The House passed a measure Wednesday to revive a school-voucher program for the District of Columbia despite opposition from the mayor, the District’s congressional delegate, teachers and the White House.
The move also sets up a key test for the administration, as House Republican leaders have hinted that they may go along with President Obama’s planned overhaul of the No Child Left Behind Act — an education reform law signed by President George W. Bush — if the White House accepts the voucher bill.
“Quality education should not be a luxury only to those who can afford it,” said House Education and the Workforce Chairman John Kline, Minnesota Republican.
Supporters say the federally funded program gives underprivileged children an opportunity to avoid the District’s struggling public schools and receive a quality education. Opponents say it’s wrong to use taxpayer money to subsidize private schools and that the money would be better spent to improve the city’s public education system.
The bill now goes to the Democrat-controlled Senate, where its fate is uncertain because many Democrats are expected to oppose it.
The District’s voucher program was created in 2004 to give selected low-income students $7,500 in taxpayer funds to attend private schools. Congress — under Democratic control — began to phase out the program in 2009.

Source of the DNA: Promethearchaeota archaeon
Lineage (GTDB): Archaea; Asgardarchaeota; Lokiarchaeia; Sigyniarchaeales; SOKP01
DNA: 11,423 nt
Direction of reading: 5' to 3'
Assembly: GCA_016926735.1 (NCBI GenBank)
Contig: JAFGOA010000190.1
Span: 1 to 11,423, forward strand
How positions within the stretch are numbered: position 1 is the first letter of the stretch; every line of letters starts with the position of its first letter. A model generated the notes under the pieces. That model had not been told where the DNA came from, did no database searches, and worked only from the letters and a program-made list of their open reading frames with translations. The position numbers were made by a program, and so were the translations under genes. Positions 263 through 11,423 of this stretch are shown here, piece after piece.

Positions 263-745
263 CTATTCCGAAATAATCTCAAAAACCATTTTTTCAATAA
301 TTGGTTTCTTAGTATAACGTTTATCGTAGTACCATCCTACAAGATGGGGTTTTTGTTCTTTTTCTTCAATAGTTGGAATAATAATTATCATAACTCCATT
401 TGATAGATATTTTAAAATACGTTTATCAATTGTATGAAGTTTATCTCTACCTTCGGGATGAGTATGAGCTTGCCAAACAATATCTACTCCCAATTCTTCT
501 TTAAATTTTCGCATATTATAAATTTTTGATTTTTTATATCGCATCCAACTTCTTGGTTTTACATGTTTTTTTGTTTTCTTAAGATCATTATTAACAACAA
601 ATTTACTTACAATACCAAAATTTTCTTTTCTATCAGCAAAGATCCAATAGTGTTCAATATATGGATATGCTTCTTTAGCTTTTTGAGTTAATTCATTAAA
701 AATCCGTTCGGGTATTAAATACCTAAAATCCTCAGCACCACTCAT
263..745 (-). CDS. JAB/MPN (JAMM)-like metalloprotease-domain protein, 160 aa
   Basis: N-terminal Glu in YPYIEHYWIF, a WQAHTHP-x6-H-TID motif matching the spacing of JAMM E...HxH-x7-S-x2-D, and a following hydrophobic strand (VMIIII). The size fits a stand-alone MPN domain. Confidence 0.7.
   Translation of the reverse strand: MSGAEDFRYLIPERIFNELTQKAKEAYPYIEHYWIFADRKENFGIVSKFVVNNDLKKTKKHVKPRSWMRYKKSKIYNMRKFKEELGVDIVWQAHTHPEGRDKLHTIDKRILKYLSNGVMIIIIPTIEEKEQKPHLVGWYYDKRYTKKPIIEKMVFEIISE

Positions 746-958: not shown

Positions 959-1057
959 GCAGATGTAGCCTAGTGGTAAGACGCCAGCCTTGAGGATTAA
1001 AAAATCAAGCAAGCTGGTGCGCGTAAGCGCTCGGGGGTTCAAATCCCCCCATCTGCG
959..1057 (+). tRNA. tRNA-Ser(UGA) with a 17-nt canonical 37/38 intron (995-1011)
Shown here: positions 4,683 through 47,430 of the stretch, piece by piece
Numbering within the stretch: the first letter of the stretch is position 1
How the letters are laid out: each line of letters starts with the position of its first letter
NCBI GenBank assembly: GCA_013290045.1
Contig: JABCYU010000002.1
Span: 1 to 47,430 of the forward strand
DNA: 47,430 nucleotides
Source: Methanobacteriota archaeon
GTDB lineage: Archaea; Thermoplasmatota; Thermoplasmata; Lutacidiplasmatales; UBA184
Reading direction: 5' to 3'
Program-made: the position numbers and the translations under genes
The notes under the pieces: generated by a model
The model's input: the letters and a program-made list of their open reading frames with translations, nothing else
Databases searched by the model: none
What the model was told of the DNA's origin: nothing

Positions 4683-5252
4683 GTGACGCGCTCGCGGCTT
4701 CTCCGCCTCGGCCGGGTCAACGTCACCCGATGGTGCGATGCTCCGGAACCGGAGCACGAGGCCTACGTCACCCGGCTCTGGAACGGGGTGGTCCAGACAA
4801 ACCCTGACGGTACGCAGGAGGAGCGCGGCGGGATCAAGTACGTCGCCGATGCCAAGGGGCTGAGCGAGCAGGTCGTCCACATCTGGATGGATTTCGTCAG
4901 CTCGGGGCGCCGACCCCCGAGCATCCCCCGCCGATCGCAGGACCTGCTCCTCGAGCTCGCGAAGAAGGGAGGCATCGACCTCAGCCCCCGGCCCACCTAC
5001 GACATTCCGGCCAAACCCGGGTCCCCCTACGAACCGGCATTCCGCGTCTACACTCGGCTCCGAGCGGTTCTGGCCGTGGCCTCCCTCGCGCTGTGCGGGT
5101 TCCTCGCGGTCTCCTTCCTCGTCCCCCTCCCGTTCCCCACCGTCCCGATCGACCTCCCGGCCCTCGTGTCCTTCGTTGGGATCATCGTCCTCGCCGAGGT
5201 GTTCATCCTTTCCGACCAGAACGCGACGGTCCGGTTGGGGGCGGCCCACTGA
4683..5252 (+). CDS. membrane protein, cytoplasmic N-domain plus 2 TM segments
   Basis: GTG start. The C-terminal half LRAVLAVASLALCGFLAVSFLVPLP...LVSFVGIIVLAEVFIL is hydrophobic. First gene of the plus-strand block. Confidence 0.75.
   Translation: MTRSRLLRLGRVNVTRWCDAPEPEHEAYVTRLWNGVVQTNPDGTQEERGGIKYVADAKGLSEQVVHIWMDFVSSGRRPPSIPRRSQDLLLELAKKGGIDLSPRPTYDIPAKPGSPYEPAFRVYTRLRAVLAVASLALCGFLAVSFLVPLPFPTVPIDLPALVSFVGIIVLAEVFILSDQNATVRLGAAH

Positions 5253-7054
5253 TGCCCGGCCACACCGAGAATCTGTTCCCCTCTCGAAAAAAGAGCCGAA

Now, House Speaker John A. Boehner, an Ohio Republican who attended Catholic schools, has made reviving the program a priority.
The bill would increase the program’s annual subsidy to $8,000 for children in kindergarten through eighth grade, and up to $12,000 for high school students.
The bill calls for $20 million to be spent on vouchers per year from 2012 to 2016. Another $40 million would be allocated annually for D.C. public and charter schools - a move designed in part to help stem accusations that the program funnels money away from needy public schools.
Rep. Rob Bishop, Utah Republican, said D.C. students deserve the option to participate in the program and that many parents have called for its reinstatement.
“If we act favorably on this bill, we empower those parents,” he said. “If we refuse to act favorable on this bill, then we limit those parents and the choices that they seem to want.”
Rep. Elijah E. Cummings, Maryland Democrat, countered that the program was allowed to expire because it didn’t work.
“Why the self-proclaimed party of fiscal conservatism would support authorizing millions … for a downright useless program with no [spending] offset is beyond me,” he said.
The White House on Tuesday issued a statement opposing the bill, saying the program hasn’t proved to be an effective way to improve student achievement.View Entire Story
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Sean Lengell covers Congress and national politics and can be reached at firstname.lastname@example.org.
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